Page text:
“So how come your name isn’t Summer?”

“My mom has this little story about how I was born in the autumn of her life.”

“Oh yeah?” Keisha said. “I used to think I was named after a drug–some obscure form of hashish only my parents knew about or something.” She dropped her voice into a low growl: “Hey kid, wanna smoke some Keisha?”

They shared a laugh.

“You know what gets me?” Autumn said. “These kids my age who follow the Grateful Dead.”

“Sprog Dead Heads. It’s pathetic.”

“I mean shit, I can’t stand my parents’ music. I need music that reflects my world, not something that happened twenty years ago.”

“I know what you mean,” Keisha said. “But when I think about those kids, it’s like–it’s their way of relating. They go to the shows and they hang out with all these other people who are doing the same thing. It makes them feel like they belong. Everyone wants to fit in. Me, I don’t wanna belong to anyone else’s club. I just wanna survive. I don’t wanna get high and escape. I wanna feel it, live it.”

“There’s so much to experience,” Autumn said.

“And so much variety,” Keisha added. “I feel just as at home with Beethoven as I do with Guns n’ Roses. That guy was into some crushing dynamics.”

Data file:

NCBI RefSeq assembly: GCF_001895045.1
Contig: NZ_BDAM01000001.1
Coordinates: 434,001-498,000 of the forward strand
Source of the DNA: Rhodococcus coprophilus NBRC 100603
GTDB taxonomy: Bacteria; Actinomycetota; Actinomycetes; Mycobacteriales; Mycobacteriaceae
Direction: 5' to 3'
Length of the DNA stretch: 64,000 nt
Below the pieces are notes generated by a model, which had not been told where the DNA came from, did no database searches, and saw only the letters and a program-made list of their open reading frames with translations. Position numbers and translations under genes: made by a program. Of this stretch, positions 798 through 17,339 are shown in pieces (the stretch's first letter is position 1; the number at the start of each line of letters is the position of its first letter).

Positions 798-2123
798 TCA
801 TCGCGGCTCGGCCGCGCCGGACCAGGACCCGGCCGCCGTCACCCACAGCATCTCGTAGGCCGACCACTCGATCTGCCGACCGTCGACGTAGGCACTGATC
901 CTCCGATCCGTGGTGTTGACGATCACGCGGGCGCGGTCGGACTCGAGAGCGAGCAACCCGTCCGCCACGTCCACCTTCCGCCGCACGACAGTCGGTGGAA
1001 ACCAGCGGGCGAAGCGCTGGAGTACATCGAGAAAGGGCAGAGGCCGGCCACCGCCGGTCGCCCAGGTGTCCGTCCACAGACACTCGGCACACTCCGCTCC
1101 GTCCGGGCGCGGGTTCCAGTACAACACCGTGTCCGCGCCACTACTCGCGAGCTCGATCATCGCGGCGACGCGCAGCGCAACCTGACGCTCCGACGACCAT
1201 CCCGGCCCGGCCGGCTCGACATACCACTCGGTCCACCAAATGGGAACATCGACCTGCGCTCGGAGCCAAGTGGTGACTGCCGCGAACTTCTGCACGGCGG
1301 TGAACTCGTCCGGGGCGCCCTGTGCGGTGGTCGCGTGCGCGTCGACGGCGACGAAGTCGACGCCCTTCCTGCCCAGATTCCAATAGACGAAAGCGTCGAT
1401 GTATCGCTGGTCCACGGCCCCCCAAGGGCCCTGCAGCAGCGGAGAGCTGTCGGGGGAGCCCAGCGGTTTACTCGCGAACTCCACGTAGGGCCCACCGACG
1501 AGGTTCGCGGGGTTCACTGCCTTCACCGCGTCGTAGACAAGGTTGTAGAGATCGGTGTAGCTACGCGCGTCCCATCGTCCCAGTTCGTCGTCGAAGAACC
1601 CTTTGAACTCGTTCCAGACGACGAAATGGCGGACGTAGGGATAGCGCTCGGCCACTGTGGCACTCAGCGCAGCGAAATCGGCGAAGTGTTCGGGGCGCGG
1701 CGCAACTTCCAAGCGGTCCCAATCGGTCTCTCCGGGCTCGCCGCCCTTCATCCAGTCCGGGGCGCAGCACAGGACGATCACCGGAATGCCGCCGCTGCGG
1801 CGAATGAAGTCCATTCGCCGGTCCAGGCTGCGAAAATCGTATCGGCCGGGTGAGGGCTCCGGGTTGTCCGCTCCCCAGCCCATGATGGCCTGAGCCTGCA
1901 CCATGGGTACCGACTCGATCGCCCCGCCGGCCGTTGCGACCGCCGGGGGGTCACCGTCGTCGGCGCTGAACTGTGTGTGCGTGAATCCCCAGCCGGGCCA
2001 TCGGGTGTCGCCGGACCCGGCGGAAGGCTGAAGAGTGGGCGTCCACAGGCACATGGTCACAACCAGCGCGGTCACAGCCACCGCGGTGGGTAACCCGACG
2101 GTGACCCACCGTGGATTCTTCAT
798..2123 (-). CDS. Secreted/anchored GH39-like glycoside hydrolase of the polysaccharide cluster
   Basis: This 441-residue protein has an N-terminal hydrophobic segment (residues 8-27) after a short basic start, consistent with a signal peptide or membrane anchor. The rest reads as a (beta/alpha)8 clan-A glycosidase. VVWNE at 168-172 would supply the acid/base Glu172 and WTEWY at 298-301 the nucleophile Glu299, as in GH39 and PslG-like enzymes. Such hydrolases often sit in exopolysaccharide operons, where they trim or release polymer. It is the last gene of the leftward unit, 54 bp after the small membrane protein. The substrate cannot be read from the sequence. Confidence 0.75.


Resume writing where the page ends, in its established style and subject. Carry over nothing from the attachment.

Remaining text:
“Loud and soft,” Autumn said. “Just like my world.”

“My world too.”

They paused and looked at each other with a reciprocal glimmer of curiosity in their gazes.

Autumn said, “Mostly loud.”

Keisha smiled. “Hey, I’m saving this spot–” She pointed to an empty section on her jacket. “–for a Beethoven patch.”

They were interrupted when Keisha’s boyfriend appeared from behind her. “C’mon Keish, let’s go,” he said.

She looked at Autumn. “This time he calls me ‘Keish.’ Isn’t that quaint?” To her boyfriend she said, “I wanna get the new Metallica.”

“Let me tape it?”

“Maybe.” She turned back to Autumn. “Where do you hang out?”

“I go to the Hideout a lot. And my boyfriend drags me to lots of metal shows.”

“Yeah? I go to the Hideout sometimes too. See you around, Summer of Love.”

Autumn smiled. “Yeah, see ya.”

Keisha started towards the counter, her skateboard in one hand, the Metallica album in the other, then she hesitated, turned back to Autumn and said, “Gonna go home and crank the Dead–relive my birth trauma.” She paused. “On second thought–gonna crank James and Lars. And get crushed.”


© 1988 Joe Beine